The Tradition of Household Spirits: Ancestral Lore and Practices, by Claude Lecouteux, translated by Jon E. Graham
Inner Traditions, 1620551055, 227 pp. (incl. index and eight pages of colour plates), 2013
Ever since his first book, Witches, Werewolves and Fairies: Shapeshifters and Astral Doubles in the Middle Ages in 1992, I’ve quite enjoyed Claude Lecouteux’s work.
Claude Lecouteux is a French historian specialising in the Middle Ages and its understanding of the spiritual world, the chair of German civilization and Literature of the Middle Ages, and a professor emeritus, at the Paris-Sorbonne University.
The Tradition of Household Spirits: Ancestral Lore and Practices was initially published in French in 2000 as La Maison et ses Génies: Croyances d’Hier et d’Aujourd’hui. Personally, I find the French title more apt, since it more clearly describes the content, but that’s a fairly minor quibble on my part. In the original French, this was Lecouteux’s fifth book published. However the English translation are being published in a different order, and this is the seventh book released in English.
The first part of the book begins with the actual house, while the second part of the book turns to the spirits themselves. This is followed by a brief exploration of the notion of haunted houses, and a few appendixes about proverbs associated with household spirits and a few other odds and ends.
In the first part, the sections are arranged, not by culture, but by theme; so we are introduced to the grounds and house construction, the building, its doors and windows, and finally some aspects of its interior. This gives the book a somewhat disjointed feeling, as the author gathers a variety of interesting tidbits about doors and thresholds for example, before moving on to windows and chimneys, etc. It becomes evident that certain parts of the house are more important than others, and certain parts of the house will have more lore than others. However, this became a bit jumbled for me as a reader when one section would draw from six cultures while the next would draw from only three or four cultures, sometimes with little overlap. The lack of coherent commentary on the gathered data also left me somewhat dissatisfied.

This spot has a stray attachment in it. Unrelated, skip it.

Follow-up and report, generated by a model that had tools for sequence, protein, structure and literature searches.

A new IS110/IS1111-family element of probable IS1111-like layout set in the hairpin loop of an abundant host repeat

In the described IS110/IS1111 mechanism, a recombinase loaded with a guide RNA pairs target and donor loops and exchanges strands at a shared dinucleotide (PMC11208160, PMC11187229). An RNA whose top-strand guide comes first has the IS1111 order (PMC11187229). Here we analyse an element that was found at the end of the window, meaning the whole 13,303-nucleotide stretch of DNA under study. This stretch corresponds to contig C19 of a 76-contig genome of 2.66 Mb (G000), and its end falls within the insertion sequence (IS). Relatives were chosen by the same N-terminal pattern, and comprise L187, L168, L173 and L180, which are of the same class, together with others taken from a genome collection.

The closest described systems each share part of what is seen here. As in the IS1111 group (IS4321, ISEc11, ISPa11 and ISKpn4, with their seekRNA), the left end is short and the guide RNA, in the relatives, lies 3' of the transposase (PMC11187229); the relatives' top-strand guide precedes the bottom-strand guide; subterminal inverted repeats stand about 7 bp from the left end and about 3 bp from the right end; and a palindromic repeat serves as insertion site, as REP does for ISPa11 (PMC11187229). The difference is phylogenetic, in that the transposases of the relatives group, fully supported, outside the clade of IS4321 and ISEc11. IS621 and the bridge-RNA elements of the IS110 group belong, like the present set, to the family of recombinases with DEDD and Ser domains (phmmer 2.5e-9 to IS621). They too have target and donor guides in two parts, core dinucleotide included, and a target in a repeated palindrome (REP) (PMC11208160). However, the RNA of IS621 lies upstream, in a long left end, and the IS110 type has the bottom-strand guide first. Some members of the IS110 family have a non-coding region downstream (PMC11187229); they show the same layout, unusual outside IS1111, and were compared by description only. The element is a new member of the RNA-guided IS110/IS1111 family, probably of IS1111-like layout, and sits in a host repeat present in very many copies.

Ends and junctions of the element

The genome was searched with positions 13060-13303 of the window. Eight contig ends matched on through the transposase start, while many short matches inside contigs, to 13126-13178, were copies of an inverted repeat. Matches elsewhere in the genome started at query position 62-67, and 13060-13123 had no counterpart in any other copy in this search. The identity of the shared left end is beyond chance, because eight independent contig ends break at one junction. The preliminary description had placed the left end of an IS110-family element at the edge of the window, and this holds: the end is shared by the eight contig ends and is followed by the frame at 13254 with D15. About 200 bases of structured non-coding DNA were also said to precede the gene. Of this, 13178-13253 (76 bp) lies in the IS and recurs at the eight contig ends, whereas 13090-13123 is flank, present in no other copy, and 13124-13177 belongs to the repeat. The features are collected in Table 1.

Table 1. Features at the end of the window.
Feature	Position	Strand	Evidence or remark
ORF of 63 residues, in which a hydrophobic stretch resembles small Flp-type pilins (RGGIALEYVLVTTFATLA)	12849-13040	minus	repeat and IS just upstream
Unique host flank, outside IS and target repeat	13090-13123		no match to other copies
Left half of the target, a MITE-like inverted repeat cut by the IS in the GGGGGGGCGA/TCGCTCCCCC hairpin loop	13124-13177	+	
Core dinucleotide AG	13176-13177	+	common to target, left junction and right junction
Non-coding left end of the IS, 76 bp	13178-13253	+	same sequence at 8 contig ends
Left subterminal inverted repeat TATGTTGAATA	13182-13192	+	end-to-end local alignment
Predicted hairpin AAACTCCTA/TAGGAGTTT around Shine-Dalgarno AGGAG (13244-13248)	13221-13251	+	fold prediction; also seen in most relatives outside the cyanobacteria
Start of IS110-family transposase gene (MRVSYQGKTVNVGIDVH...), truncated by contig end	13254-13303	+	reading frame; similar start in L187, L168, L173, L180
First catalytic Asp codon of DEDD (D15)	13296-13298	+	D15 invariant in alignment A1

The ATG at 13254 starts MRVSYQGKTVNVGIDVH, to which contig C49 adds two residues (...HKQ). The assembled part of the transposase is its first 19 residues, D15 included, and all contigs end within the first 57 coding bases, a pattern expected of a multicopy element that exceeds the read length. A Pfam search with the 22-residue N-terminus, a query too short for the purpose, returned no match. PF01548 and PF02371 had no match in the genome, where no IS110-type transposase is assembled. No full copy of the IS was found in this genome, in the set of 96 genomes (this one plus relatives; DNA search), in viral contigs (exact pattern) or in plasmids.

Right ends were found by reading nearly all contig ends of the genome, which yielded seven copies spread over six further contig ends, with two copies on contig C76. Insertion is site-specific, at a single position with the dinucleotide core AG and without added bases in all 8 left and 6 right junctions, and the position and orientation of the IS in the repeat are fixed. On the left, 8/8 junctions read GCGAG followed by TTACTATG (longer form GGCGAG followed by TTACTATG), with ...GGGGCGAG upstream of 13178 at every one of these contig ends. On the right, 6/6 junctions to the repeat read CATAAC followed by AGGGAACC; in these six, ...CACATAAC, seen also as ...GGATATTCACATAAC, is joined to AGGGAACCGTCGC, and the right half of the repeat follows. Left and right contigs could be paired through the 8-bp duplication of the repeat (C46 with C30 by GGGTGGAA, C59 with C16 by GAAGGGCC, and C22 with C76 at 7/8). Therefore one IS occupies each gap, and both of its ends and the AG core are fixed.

The book seems to draw its older information primarily from the classical world and its later examples primarily from transalpine Europe, especially France, Germany, Scandinavia and Eastern Europe. Celtic culture is weakly represented; Scottish lore comes up a few times, as does Brittany and Wales (though these are not always captured by the index), and Ireland does not get mentioned at all. However, for some reason information from Palestine comes up over and over again in the first third of the book and then is never mentioned again. We also have random examples brought in from Chinese and even Inuit cultures. And as mentioned previously, none of the lore given in the first part has any real cultural context.